By Mitsuaki Toyoda, Save the Children’s Country Director in Mongolia
Livestock are dying again
Remnants of last winter’s “dzud” in Mongolia aren’t hard to find – a cow horn pokes through the thick blanket of snow, a decaying horse skull sits by the roadside, goat ribs hidden beneath the ice crunch under foot.
Now livestock are dying again in significant numbers as arctic winds sweep down from Siberia across Mongolia’s pastoral lands, pushing temperatures as low as -50 degrees Celsius.
In the province of Arkhangai in the country’s centre, vultures sit and wait for livestock to die, surveying the land and preparing to feast.
The ravens are less respectful. They search for weak lambs and calves, then peck out their eyes and tongues.
More than 40,000 animals have already died in this “dzud” – an extreme winter phenomenon unique to Mongolia that typically brings brutal temperatures and a shortage of food for livestock, whether it be from snow and ice blocking access to pasture or because summer drought prevented pasture from growing in the first place.
Often the number of animal deaths reaches seven figures. Last year more than a million perished. During the 2010 dzud it was over 8 million.
Though current losses are concerning, it’s the coming months I’m most worried about. Spring is the birthing season here, and also the dying season.
It’s when stockpiles of animal feed run out and livestock are weak from the relentless cold. If there’s another big dump of snow or extreme cold spell, we could see millions of animal deaths this year too.
The poorest suffer most
Almost always it’s the poorest families who suffer most – those with small herds and even smaller stores of feed.
They don’t have enough livestock to weather another disastrous dzud. One bad snow storm, one cruel spring, and they will be left with nothing.
For herders, having livestock means having food, nutritious milk and warm clothing; their fleece and meat are a source of income. If they lose their animals, they lose their livelihoods and entire way of life.
Families forced to leave herding behind
Right now more than 150,000 herders are affected by the dzud, the most destitute increasingly moving to urban centres to try and find income anyway they can.
Often with few skills they struggle to gain employment and instead rely on sparse government payments or illegal activities like unauthorised mining.
Many live in squalor and poverty; a harsh life ordinarily but especially in the depths of the unforgiving Mongolian winter.
Mishigdori Amarjargal, her husband and their six children are among those living on the edge in Arkhangai.
They watched more than 200 of their animals die last winter; their herd now a mere 80 livestock. They moved to a nearby town and receive government assistance to buy food, school materials and other basic essentials.
“We lost our livestock, what can we do,” Amarjargal says, almost in tears.
A longstanding tradition at risk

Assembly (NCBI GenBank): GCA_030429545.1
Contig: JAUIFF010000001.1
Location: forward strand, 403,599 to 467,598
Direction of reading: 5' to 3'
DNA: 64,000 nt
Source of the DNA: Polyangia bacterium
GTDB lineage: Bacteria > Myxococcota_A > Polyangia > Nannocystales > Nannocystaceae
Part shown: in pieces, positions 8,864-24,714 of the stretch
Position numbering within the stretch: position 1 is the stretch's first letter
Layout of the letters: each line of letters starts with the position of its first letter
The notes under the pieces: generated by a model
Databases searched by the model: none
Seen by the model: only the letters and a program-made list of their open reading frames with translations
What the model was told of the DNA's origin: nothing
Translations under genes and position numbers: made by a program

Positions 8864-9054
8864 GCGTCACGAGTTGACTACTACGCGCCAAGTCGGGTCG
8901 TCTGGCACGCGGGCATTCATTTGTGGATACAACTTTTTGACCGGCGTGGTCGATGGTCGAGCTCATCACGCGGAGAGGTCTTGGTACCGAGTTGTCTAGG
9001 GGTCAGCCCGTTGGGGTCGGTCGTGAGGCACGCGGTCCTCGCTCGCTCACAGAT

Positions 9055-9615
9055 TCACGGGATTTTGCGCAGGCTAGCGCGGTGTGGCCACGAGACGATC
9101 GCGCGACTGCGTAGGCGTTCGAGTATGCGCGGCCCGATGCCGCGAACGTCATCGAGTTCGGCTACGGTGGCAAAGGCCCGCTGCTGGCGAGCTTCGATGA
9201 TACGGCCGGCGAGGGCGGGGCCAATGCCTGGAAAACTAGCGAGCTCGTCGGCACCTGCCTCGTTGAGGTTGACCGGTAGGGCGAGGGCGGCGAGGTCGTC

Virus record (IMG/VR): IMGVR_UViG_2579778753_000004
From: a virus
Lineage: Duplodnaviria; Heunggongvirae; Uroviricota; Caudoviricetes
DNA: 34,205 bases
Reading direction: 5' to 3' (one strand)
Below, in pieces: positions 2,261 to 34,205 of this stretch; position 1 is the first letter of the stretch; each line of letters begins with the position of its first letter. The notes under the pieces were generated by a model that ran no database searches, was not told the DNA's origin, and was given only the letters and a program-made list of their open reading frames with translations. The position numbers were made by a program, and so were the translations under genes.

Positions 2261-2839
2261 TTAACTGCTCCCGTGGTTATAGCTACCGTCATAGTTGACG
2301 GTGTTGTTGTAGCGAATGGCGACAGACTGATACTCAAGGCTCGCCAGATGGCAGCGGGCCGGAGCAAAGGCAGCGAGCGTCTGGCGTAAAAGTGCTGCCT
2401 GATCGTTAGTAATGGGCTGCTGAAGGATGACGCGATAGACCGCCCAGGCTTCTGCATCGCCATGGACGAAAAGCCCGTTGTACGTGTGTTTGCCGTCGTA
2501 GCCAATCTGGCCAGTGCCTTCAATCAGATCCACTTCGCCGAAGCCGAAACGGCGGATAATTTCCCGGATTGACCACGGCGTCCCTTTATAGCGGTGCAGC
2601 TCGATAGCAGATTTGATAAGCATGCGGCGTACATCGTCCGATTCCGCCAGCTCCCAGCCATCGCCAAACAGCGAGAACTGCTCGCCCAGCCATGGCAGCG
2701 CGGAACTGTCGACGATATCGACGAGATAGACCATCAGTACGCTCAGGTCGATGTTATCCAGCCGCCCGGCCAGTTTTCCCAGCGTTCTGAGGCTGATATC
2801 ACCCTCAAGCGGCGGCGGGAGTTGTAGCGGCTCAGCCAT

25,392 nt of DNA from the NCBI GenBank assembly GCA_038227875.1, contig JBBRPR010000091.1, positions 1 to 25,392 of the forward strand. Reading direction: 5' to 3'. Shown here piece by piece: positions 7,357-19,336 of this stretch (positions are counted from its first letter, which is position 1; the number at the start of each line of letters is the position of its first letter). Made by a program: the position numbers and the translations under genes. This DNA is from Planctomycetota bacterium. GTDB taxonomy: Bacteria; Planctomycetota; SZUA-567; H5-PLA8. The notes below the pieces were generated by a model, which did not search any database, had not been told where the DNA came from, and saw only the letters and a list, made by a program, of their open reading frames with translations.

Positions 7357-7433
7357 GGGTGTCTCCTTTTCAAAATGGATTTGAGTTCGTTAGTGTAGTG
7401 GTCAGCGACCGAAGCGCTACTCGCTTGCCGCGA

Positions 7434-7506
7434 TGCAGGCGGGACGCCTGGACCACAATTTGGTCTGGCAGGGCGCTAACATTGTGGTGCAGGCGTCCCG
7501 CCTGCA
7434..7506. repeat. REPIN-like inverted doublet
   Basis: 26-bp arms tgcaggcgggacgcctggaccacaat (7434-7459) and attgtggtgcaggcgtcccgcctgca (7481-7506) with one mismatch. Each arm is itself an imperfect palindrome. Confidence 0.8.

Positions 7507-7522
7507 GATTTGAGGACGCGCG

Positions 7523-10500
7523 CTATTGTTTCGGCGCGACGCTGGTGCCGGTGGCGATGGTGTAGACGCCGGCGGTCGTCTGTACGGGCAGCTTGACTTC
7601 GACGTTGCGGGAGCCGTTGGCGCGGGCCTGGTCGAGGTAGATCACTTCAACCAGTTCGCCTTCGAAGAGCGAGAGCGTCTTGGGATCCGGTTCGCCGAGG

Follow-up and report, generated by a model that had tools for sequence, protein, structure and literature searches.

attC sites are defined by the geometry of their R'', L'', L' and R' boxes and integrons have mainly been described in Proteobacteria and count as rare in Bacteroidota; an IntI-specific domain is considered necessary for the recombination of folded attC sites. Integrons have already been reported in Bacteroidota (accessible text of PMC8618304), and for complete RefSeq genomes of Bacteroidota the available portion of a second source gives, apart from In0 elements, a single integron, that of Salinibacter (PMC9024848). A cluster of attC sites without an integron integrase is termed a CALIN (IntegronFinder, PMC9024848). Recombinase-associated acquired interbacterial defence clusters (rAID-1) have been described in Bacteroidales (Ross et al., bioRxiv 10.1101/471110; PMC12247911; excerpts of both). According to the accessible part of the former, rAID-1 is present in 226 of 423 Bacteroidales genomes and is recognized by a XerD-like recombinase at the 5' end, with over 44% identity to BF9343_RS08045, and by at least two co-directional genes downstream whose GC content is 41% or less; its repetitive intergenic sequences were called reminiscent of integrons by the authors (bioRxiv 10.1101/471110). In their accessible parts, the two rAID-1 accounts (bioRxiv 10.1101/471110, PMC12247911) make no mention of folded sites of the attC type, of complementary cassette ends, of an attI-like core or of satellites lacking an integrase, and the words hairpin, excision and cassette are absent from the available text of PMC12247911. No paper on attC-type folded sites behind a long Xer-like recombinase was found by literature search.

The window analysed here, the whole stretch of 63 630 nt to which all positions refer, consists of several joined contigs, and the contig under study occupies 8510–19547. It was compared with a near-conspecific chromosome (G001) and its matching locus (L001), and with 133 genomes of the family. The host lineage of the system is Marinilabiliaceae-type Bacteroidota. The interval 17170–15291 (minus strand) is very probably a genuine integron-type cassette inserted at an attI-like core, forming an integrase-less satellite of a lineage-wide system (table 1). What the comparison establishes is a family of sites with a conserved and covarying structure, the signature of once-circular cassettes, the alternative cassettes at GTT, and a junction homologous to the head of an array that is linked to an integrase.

Yet at the same time there are over 60 million livestock in Mongolia, a whopping figure that’s more than doubled since the 1990s and the end of the Communist era when the “national herd” was a state asset and managed accordingly.
These animals are degrading the land at a rapid rate which in turn amplifies the impact of dzuds. Many herders are also acquiring more goats because they produce the most profitable fleece, however, goats rip out the roots when they graze, exacerbating land degradation even further.
Managing livestock numbers is a complex issue in Mongolia, but one the federal government must better address, and soon, if it is to protect the nation’s proud herding tradition, which provides a livelihood for almost a third of the population.
However, it cannot come at the expense of immediate support for the tens of thousands of herders living on the brink right now.
The economy is failing farmers
Making matters worse is Mongolia’s economic downturn, which has caused animal prices to plummet while hampering the government’s dzud preparations.
As a result, stockpiles of hay and fodder are smaller, there’s less money to buy fuel to heat schools and hospitals, less machinery to clear roads, less medicines for hospitals and less help for the poor.
In some schools it’s so cold children can see their own breath. It’s hard to imagine trying to learn in conditions like this.
What we’re doing in Mongolia
We are on the ground helping those worst affected.
Like last year, our relief operation will include providing fodder and veterinary packages to keep animals alive, catch up classes for herder children who miss too much school, heating in classrooms and emergency cash distributions so families can buy warm clothing and other basic essentials.
But far more help is needed to protect the lives and livelihoods of Mongolia’s nomadic herders, who are being pushed to their very limits in the harshest of climates. With the dying season fast approaching, now is the time for action.
Names have been changed to protect identities.